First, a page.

This past Thursday I attended my first class at Teachers College, and let me tell you, it was quite the experience. I learned so much in 100 minutes of class time that I needed two days to fully process it all…and that was from one class! I’m gonna need a bigger brain.
I had thought that the class I attended, Mathematics for Childhood Education, would be a long lecture about how we were to manipulate the brains of our little charges so that they could better grasp the concepts we were about to cram into their heads. That notion was shattered within the first ten minutes of the class—it was our brains that would be manipulated.
Our preconceived notions about how children feel and think were challenged when the instructor gave us a “do now” exercise. That’s right, a quiz…on Day One!
“Carol bought some items at the deli. All the items she bought were the same price, and she bought as many of the items as the price of the items in cents (for example, if items costs two cents each, she bought two of them for a total of $0.04. Or if she chose items costing eight cents, she would have bought eight of them.) Her bill was $2.25. How many items did she buy?”
After giving the class a few minutes to do the word problem, the instructor asked how we felt about having been given the test. Not surprisingly, the class reported various levels of anxiety.
Our first lesson: Kids are anxious about taking tests, just as we were at that moment.
When the instructor asked how we arrived at the solution to the problem, most gave algebraic formulas, the deconstruction of square numbers or other methods gained through higher learning in order to arrive at the answer. One answer brought a wide smile to the instructor’s face: a student simply counted up from one until she reached the answer (15 items at 15 cents each).
Our second lesson: Kids don’t use complicated equations to solve problems.
Later, we were broken up into groups, with each group solving a different word problem. Rather than simply having one person in the group come up with the answer, the group worked together, comparing strategies on how they arrived at the answer. In most cases, the simplest strategy made the most sense. Other methods were used to check and double-check answers. And since the group had to explain how it arrived at the answer to the rest of the class, the simplest way proved to be the easiest to communicate. In this manner, the group worked together to find the solution, with each member of the group contributing either a different strategy or a concern about the outcome.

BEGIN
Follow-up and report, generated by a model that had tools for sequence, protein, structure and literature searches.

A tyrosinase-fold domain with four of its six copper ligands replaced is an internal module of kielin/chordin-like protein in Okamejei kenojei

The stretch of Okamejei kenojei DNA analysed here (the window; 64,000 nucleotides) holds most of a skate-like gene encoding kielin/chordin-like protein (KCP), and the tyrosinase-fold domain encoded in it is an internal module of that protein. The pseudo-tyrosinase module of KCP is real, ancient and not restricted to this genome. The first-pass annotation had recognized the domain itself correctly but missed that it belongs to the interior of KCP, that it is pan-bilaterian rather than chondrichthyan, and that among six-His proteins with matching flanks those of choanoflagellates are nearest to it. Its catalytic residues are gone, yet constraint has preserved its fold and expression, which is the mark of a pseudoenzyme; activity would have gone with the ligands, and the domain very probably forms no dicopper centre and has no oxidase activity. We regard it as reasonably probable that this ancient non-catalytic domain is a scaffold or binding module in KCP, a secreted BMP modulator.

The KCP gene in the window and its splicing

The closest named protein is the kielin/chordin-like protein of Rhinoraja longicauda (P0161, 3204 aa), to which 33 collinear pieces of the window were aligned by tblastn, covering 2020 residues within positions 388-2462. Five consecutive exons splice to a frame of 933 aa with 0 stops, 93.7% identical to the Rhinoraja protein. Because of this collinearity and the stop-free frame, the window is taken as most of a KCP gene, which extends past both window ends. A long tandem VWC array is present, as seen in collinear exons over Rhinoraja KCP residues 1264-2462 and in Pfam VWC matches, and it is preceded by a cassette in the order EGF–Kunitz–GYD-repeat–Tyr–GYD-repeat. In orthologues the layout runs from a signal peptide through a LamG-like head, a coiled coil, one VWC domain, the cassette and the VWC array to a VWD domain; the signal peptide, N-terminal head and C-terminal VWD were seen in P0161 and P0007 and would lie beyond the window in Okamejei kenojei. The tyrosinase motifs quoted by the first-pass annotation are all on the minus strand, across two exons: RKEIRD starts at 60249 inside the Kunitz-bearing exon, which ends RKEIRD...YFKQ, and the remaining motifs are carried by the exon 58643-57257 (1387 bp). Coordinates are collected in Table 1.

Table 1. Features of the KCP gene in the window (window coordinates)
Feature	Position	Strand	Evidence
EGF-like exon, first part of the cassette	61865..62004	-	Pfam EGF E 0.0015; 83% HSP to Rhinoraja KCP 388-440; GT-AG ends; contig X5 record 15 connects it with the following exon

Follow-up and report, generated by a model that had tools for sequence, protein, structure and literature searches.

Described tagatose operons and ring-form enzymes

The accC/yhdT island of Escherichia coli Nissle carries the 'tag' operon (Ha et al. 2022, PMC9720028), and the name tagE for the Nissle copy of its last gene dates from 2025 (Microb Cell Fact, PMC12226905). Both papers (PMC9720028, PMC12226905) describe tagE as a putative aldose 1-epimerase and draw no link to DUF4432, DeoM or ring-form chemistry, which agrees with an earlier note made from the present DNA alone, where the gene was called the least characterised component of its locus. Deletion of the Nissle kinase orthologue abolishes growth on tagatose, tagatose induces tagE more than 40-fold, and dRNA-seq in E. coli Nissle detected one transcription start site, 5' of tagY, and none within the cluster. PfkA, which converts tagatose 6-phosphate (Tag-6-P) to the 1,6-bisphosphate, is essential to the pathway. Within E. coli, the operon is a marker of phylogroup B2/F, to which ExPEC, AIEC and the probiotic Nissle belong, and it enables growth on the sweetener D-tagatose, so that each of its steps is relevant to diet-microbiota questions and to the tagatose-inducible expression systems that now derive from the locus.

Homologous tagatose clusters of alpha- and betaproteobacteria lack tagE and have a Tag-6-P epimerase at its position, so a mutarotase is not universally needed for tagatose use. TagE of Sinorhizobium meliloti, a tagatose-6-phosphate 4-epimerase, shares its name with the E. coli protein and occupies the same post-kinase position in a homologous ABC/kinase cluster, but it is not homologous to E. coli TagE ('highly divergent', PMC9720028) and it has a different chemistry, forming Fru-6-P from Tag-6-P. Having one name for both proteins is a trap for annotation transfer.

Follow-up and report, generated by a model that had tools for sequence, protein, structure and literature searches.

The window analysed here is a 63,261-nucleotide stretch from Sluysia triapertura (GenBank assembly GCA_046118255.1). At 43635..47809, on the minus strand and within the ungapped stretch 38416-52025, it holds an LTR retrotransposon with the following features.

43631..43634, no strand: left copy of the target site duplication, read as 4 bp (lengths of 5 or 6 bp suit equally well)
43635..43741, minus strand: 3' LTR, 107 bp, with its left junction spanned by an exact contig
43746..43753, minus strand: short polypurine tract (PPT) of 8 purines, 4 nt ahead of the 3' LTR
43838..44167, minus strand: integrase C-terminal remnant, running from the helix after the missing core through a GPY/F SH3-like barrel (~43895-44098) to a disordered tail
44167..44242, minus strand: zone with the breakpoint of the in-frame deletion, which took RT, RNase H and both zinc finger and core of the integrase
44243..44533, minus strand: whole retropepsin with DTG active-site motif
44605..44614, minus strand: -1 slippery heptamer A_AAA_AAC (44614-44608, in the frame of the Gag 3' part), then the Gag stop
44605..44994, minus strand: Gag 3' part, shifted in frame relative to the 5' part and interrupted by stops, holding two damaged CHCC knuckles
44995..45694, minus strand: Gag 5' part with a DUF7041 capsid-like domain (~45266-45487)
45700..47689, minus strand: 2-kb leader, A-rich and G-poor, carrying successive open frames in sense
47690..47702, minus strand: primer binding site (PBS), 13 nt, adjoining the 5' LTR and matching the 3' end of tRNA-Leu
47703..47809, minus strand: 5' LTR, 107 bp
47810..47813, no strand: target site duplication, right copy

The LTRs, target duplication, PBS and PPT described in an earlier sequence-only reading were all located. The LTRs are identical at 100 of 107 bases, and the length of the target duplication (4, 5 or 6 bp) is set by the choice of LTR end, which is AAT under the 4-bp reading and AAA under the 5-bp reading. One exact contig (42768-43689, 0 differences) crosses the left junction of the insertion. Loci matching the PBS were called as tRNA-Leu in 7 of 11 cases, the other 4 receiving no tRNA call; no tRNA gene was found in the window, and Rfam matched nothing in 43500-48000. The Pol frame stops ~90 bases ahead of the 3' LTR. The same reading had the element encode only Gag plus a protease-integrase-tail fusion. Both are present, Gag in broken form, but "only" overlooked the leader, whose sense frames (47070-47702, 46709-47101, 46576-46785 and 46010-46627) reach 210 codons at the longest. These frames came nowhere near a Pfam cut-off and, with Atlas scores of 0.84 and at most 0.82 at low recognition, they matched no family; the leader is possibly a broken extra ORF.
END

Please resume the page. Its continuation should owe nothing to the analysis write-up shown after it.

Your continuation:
Our third lesson: Kids work best when they share information in order to resolve a problem.
As the class continued, we all seemed to pick up on the main theme of the session: children learn the way children learn, not the way adults learn, so we cannot teach them as if we are teaching adults. This brought me back to the “Growing Down” article I wrote here awhile back; as prospective educators, we cannot expect kids to grasp concepts that we ourselves learned (and in some cases, re-learned) years past their grade level. It is up to us to understand their thought processes and problem-solving abilities.
For me, that was the key in solving many of the homework problems we were given. Rather than using algebra immediately to discern whether a sequence of numbers were arithmetic or geometric, I simply counted the differences between the numbers in each example. The algebra came to be understood once I had a grasp of how the differences could be put into a formula. In other words, there was a progression to how I learned..
I’ve been shown how education has changed drastically from the days when I was in elementary school (think pre-disco!). I am also glad to see my assumptions on how we should reach children was correct; that we should reach them on their level, so that they can relate to the material, even if it gives them a little discomfort. We should not sell them short—they can work together to solve problems just as we adults can (maybe better than we can, I think!).
One class. All this came out of just one class. I have three other classes, and nearly four months to go before this semester ends. If you see someone’s head spontaneously explode on a YouTube video somewhere, it will probably be mine.